I've started using a couple of these methods at home in my storage areas, and it has made a difference. Having a few cats around will help, but mine are too well-fed to be interested in hunting mice. 

Wednesday, October 14, 2020

Prudent Prepping: Get Home Bag, 2020 Style

 The dust has settled and the First 72 Hours have passed. Follow along as I build a long term plan via Prudent Prepping.

What can I say about a GHB? Plenty as it turns out, thank you very much! While the basics are there (a bag!), this year offers up some different problems that anyone tailoring a new bag, or even redoing an existing bag, should consider.

The Bag
This bag is a Mardingtop 25L Tactical Backpack Molle Hiking daypack. Yes, it's a big variation from my style of bag and the previous versions I've built, not just the color but the style as well. This was purchased for someone with a very slight build who is a fan of the color purple.
From the Amazon Ad:

  • Zipper closure
  • MATERIAL- 28 Liters. This military backpack is made of 600D polyester. YKK Zipper.
  • HYDRATION COMPARTMENT- This assault pack with hydration compartment and can hold a 2.5 Liter bladder, the tube is fed through the top of the bag near grab handle.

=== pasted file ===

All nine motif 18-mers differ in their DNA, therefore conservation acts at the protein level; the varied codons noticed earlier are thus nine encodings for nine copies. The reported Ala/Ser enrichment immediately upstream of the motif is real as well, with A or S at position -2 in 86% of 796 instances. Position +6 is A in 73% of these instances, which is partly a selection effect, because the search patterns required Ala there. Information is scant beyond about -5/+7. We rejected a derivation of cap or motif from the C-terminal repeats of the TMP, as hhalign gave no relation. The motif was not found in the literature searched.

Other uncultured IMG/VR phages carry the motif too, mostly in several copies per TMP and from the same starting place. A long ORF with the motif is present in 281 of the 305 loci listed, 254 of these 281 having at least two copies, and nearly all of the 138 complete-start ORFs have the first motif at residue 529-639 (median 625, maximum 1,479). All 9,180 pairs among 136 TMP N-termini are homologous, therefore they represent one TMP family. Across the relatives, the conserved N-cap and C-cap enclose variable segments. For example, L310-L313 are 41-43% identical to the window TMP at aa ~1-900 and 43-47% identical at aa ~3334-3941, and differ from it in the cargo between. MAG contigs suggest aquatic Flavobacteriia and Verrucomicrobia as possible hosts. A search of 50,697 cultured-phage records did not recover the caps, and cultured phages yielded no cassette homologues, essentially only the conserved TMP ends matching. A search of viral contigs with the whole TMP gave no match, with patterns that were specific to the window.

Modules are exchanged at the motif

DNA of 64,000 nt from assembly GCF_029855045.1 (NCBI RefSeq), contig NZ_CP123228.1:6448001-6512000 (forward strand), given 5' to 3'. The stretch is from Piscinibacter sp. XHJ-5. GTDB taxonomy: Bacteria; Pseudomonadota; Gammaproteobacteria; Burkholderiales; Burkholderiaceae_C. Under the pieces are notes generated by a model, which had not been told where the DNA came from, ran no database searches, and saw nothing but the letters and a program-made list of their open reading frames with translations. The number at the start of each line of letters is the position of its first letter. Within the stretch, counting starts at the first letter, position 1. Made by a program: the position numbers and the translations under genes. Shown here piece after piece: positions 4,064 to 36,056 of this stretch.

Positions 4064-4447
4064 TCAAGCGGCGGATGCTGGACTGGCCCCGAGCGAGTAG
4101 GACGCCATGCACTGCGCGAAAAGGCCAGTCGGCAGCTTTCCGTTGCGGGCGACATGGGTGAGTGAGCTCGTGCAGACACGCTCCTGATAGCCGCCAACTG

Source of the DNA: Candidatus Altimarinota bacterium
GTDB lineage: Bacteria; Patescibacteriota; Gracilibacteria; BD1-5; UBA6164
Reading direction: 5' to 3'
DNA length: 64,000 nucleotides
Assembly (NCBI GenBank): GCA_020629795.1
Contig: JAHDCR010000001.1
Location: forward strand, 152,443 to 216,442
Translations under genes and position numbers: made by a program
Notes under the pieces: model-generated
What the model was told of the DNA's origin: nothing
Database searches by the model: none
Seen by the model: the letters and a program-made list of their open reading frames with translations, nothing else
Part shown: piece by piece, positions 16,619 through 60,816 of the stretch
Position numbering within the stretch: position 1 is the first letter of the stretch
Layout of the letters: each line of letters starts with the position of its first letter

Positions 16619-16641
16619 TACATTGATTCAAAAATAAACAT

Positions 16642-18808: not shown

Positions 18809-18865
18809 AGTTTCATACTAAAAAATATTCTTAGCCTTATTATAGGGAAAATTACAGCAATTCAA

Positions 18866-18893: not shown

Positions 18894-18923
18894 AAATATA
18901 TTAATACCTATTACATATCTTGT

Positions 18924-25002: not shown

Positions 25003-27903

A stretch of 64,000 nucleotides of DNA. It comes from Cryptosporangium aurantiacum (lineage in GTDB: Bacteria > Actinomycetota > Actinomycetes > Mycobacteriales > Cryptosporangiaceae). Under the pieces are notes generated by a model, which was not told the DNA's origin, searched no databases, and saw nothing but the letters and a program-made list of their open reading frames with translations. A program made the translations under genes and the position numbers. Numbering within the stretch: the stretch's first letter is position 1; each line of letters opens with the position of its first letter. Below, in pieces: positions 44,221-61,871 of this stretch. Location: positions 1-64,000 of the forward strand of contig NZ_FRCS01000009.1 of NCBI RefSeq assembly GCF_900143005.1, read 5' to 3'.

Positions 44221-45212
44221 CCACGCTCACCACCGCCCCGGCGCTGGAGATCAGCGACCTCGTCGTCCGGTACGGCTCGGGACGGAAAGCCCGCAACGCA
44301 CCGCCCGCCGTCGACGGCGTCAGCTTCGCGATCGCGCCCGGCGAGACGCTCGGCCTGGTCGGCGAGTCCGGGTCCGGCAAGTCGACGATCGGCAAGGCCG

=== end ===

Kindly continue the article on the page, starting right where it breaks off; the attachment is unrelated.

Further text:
• MOLLE WEBBING- This rucksack can hang on small items, or for attaching additional pouches or gear. Backpack also has 2 webbing strap with buckle underneath to hold a bedroll, tent, sleeping bag or anything else.
  • WAIST BELT DESIGN- The waist belt of this bug out bag is stitched in, but you can slide them into the middle space behind the back padding support. It's a pretty snuggle fit and won't slide back out on its own.
  • DURABLE & MULTIFUNCTIONAL- This molle backpack with chest straps to cope with the weight so that it's well used as a 3 day assault pack, bug out bag, survival backpack, army backpack, trekking backpack or day pack. Suits for Hiking, Camping, Trekking, Traveling, School or daily use.
The size and features of this bag check all the needed boxes for its intended user.

What's Going In
Taking into account the current pandemic and the bag's future user is in patient care, Personal Protection Equipment (PPE) is first.

Tzumi Wipe Out Pack 
 From the Home Depot ad:
  • Face mask and latex gloves filter airborne and surface germs
  • Ideal for use in large gatherings, offices and while traveling